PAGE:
boys than girls. There is poor perception about women’s ability to do a hard
science and give low value for their climate knowledge. Consequently, the
culture as well as the society gave low recognition and appreciation for their
climate-related indigenous/local knowledge.
Poor access to control and use of economic resources. In Africa’s agriculture,
for instance, women comprised of an estimated 48% of the economically
active population but they tend to own less than 15% of agricultural lands.
Because of limited access and control on natural resources and finances,
women are limited to venture into sciences.
Limited involvement in decision making processes. The exclusion of women
from decision making processes at all levels is one of the reasons for
underrepresentation of women’s in climate science as well as climate forums
despite the fact that they are the highest number of potential users and
beneficiaries of CIS. Hence, countries need to comply with international
resolutions concerning women representation.
Women are often shy. Many women who are geographers are less vocal in
most climate sciences forums (e.g., low level of engagement in IPCC reports)
and have not done enough to encourage more girls to follow their suite.
and others.”
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5.2. How can we enhance women’s access and use of CIS?
Their access and use of CIS could be enhanced through:
Increased partnerships and collaboration. Collective effort is needed in
approaching participation of women in CIS uptake and use.
Identifying women’s specific needs. We should understand the need of target groups for CIS while packaging.
Provision of equal access to information: Allow women to participate from message generation to dissemination.
5.3. What role can women leaders play to enhance the uptake and use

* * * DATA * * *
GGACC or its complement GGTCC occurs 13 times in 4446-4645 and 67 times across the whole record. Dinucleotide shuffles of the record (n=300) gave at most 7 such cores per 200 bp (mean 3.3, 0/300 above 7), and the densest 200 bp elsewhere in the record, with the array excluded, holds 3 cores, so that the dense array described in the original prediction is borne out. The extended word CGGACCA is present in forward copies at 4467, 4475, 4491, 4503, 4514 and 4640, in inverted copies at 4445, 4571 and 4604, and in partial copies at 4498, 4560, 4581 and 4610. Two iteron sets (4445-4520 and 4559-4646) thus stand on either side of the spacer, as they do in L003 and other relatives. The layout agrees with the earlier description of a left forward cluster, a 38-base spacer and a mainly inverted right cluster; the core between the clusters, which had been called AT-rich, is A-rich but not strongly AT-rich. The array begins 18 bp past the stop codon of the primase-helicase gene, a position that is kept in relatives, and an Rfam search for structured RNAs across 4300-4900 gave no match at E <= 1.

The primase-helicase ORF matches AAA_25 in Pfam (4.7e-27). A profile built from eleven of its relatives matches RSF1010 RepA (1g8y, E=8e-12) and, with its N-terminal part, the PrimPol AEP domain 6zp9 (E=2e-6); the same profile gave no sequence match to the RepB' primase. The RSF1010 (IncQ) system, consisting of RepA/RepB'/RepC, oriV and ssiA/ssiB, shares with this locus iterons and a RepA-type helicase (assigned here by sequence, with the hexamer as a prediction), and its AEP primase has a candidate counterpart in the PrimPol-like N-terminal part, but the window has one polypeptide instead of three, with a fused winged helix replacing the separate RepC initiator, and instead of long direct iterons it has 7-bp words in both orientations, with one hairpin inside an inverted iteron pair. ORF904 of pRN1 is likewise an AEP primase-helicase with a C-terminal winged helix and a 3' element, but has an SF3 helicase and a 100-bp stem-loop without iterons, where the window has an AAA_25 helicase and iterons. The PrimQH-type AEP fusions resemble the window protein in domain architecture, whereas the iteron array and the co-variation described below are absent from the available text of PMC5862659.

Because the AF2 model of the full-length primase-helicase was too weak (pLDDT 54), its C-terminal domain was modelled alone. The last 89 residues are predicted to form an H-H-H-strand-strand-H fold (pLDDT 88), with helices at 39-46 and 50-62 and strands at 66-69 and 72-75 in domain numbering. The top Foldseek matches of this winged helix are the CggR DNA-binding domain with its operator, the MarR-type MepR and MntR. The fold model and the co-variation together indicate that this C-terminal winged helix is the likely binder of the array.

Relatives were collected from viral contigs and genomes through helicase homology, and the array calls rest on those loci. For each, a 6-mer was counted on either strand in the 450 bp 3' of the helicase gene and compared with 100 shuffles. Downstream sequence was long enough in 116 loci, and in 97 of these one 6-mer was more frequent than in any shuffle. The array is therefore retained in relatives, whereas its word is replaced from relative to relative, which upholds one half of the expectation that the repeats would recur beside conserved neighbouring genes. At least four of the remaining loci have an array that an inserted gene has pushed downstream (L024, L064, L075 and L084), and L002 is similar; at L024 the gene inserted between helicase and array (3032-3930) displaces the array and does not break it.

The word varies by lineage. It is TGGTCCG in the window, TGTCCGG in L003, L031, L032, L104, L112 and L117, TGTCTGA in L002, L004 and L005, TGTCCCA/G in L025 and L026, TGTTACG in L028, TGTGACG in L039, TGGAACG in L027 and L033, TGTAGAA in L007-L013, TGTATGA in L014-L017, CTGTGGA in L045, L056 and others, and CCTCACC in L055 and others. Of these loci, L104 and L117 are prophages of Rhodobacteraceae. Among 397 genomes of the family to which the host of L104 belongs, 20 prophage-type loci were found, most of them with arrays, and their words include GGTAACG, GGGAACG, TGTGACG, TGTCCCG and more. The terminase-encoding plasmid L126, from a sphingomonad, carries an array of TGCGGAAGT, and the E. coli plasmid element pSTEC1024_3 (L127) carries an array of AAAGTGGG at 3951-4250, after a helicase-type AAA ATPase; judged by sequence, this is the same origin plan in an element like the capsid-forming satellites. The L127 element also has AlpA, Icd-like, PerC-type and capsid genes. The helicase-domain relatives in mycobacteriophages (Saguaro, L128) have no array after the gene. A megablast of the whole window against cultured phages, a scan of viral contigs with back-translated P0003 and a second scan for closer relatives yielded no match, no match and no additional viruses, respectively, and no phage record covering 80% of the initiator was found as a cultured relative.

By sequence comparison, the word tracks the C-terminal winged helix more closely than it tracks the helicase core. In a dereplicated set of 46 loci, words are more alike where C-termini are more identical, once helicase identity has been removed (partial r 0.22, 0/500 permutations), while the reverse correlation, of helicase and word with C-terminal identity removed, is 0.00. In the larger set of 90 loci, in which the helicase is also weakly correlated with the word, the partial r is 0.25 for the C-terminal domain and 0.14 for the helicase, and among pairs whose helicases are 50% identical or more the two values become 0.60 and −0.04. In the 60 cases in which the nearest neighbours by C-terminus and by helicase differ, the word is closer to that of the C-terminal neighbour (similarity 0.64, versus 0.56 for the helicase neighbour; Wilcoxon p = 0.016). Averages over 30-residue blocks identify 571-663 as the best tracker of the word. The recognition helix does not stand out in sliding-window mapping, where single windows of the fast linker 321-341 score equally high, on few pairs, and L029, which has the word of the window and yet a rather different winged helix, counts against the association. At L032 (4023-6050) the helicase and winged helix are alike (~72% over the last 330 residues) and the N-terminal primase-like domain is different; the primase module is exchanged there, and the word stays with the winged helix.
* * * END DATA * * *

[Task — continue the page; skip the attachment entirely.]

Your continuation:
of CIS?
Women’s role in the uptake of CIS should be looked at various level, with women at
the institutional level are carriers of the information and lobby/look for ways in which
CIS can be transmitted to women at the local levels. Specifically, women leaders
could enhance the uptake and use of CIS by:
Developing initiatives that improve the inclusion of women’s indigenous
knowledge in climate forecasting and climate change interventions. Women’s
practical experience, observation and indigenous knowledge on climate
change shall be incorporated in CIS generation and packaging while validating them as part of the African climate science research.
• Creating/Supporting enabling environment for women. Support should focus
on creating/improving enabling environment (e.g., institutional structure,
policy framework, etc) for substantive investments in the uptake and use of
CIS by women. Women who are already working on CIS together should identify and mobilize resources for sensitization of climate change and CIS.
Providing training and build capacity: We need women ambassadors/climate
champions to encourage girls to participate in STEMs by making themselves
accessible. They should also look practical options to incentivize girls to pick
up sciences. Role models can help to pick a girl and mentor. They can use,
among others, a focus group discussion as women are able to come out with
pertinent issues, lessons, and best practices and share with others. Moreover, syllabuses that are relevant to CIS should be given in schools.
Engaging NGOs, civil society organizations (CSOs) and gender-based
organizations in policy planning: These have significant roles to play in
pushing for gender sensitive issues and policies regarding climate science
and CIS. Moreover, create liaisons with women in various communities on
CIS. Incentivizing and channeling climate information through local leaders/elders is a best approach as they are often trusted by the local people.
• Advocating/Promoting women’s success stories. Women leaders should use
practical experiences and observations – learning by experience from one
woman to another can impact on others. Successes from women’s past and
“Women’s access and
use of CIS enhanced
• Using effective communication mechanisms to address women . Effective
communication and extension of media coverage, as well as attractive
packaging by women ambassadors is crucial for better uptake and use of CIS
by women. Women who have adequate knowledge on climate change can
target local women to pass information on climate change and gender.
• Using improved technologies: Making sure that women are familiar and have
access to modern ICT tools. In this regard, the use local languages, songs and social media in CIS dissemination are proved to be effective.
Page | 14
6. Part III – Breakout Session: Challenges, Needs and Best
Practices to Women’s Involvement in Climate Science and Climate Information Production
Before they departed for breakout session, participants reached agreement on the
definition of the following key words.
Challenge: The situation of being faced with something new and/or difficult that requires great mental and/or physical effort in order to solve it successfully.